Ray Price & BJ Thomas
Ray Price is one of American music's truly great stars. He was inducted into Nashville's Country Music Hall of Fame in 1996, but has long shown his genius in other genres as well. After more than a half-century in the business, Ray can still belt out a song with the best of them, whether it's honky-tonk, country, pop, blues, jazz, or anything in between. With his May 2000 Buddha Records release--"Prisoner of Love"--Ray has delightfully proven this once again with a big-band-backed medley in many moods and styles.
A lot of Ray's strong feeling about artificial boundaries in music goes back to his close association with his mentor and close friend, Hank Williams. Ray resented the fact that Hank's songs were eagerly accepted by the pop world but the country singer himself was not. At least in that day and age. A few year later he would have been, according to Ray. But not then.
Erasing the lines between country and pop became a vital issue for Ray Price. With his own brand of individualism, he continues to cross musical boundaries and create songs and sounds for everyone. His latest album, "Prisoner of Love," was recorded with a 50-piece orchestra. It combines old country standards with beautiful ballads from all eras, and includes a few new songs never before recorded.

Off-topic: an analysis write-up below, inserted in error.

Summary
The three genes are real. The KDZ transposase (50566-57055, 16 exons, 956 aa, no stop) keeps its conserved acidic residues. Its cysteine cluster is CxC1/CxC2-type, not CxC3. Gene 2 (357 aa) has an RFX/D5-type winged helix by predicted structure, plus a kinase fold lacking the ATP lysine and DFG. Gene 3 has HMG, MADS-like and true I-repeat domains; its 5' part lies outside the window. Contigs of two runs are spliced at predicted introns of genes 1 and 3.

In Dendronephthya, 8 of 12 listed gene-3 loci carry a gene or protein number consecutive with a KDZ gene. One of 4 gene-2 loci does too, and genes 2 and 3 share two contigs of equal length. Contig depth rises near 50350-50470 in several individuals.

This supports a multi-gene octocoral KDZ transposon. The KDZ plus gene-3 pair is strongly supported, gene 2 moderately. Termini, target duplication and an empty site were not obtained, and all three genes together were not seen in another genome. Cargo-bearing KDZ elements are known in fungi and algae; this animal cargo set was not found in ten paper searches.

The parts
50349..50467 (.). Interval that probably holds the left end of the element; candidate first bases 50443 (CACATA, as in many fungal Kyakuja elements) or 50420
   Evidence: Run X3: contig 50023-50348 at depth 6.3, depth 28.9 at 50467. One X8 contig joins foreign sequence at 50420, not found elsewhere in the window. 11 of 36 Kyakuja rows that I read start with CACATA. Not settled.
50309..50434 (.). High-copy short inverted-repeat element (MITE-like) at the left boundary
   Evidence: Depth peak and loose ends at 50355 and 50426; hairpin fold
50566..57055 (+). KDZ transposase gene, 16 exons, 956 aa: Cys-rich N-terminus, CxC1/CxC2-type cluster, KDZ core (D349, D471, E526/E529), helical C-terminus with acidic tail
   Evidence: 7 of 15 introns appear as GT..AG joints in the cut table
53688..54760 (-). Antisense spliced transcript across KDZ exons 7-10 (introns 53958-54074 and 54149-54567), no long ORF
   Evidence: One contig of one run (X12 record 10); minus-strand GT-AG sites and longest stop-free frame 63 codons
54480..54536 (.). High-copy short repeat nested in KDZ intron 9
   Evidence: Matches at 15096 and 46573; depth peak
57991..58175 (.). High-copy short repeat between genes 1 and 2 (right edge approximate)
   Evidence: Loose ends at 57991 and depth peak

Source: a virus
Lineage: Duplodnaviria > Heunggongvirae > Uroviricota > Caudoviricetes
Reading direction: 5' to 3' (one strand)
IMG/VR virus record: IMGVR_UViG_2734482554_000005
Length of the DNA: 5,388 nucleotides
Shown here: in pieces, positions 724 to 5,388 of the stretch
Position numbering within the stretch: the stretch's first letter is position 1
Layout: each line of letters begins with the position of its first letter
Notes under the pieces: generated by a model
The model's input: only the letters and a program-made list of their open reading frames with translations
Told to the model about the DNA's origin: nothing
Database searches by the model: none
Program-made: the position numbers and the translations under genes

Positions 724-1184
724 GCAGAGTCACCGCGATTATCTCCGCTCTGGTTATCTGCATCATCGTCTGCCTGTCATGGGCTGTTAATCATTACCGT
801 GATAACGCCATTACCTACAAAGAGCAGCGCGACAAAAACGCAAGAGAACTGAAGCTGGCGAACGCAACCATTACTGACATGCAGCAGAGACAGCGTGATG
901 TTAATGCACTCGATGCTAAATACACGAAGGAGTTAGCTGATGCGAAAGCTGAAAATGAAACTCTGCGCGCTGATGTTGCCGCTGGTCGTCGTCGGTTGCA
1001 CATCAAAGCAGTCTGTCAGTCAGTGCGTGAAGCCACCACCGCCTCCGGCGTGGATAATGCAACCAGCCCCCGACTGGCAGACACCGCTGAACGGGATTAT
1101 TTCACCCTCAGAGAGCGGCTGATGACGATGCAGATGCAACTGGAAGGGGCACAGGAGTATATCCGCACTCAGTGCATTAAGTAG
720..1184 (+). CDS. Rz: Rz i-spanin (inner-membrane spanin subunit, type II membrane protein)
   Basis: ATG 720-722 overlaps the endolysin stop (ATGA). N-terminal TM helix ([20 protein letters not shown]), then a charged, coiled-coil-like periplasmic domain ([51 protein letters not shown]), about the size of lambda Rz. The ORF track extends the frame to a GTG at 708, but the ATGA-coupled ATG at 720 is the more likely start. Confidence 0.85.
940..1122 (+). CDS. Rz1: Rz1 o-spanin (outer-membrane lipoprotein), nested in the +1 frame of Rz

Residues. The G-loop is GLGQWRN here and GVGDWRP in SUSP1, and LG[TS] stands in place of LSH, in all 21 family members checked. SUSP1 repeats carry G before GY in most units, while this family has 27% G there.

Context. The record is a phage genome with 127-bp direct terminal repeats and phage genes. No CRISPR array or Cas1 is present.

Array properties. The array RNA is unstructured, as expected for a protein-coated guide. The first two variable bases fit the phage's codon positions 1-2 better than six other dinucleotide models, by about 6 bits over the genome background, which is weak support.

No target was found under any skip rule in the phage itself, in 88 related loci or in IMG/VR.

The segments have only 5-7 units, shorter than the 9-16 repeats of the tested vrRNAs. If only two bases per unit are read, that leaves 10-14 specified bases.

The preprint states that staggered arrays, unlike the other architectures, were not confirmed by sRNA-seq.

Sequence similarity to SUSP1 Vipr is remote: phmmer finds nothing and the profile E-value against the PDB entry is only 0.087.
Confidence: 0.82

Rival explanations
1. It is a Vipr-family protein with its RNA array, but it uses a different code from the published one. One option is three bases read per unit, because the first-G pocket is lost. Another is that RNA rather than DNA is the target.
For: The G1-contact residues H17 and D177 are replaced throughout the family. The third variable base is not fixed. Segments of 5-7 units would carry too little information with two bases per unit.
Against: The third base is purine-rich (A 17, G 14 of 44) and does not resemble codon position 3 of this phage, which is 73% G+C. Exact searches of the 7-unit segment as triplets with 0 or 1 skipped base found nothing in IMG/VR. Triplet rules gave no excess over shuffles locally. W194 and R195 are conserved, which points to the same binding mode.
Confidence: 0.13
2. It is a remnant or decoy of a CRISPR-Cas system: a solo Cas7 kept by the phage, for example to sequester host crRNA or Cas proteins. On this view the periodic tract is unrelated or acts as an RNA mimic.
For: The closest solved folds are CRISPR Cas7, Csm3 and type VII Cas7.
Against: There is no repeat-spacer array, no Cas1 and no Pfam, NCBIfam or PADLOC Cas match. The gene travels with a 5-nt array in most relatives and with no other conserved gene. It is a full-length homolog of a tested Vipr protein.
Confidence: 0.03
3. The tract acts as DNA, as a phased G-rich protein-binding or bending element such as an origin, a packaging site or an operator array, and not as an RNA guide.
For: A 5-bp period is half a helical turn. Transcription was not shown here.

This Country Music Hall of Fame legend is the soul of country music. He continues to be creative and expand conventional boundaries with his music, while never forgetting his roots. His timeless music and incredible commitment to performing has made him a bridge between the early days of country to today's contemporary country music.
The Los Angeles Times has declared Ray Price to be 'a national treasure.' Another newspaper has compared him to Frank Sinatra. Ask any Ray Price fan, however, if that's true. Most of them will tell you that Ray Price has no equal anywhere when it comes to delivering a song and pleasing an audience.
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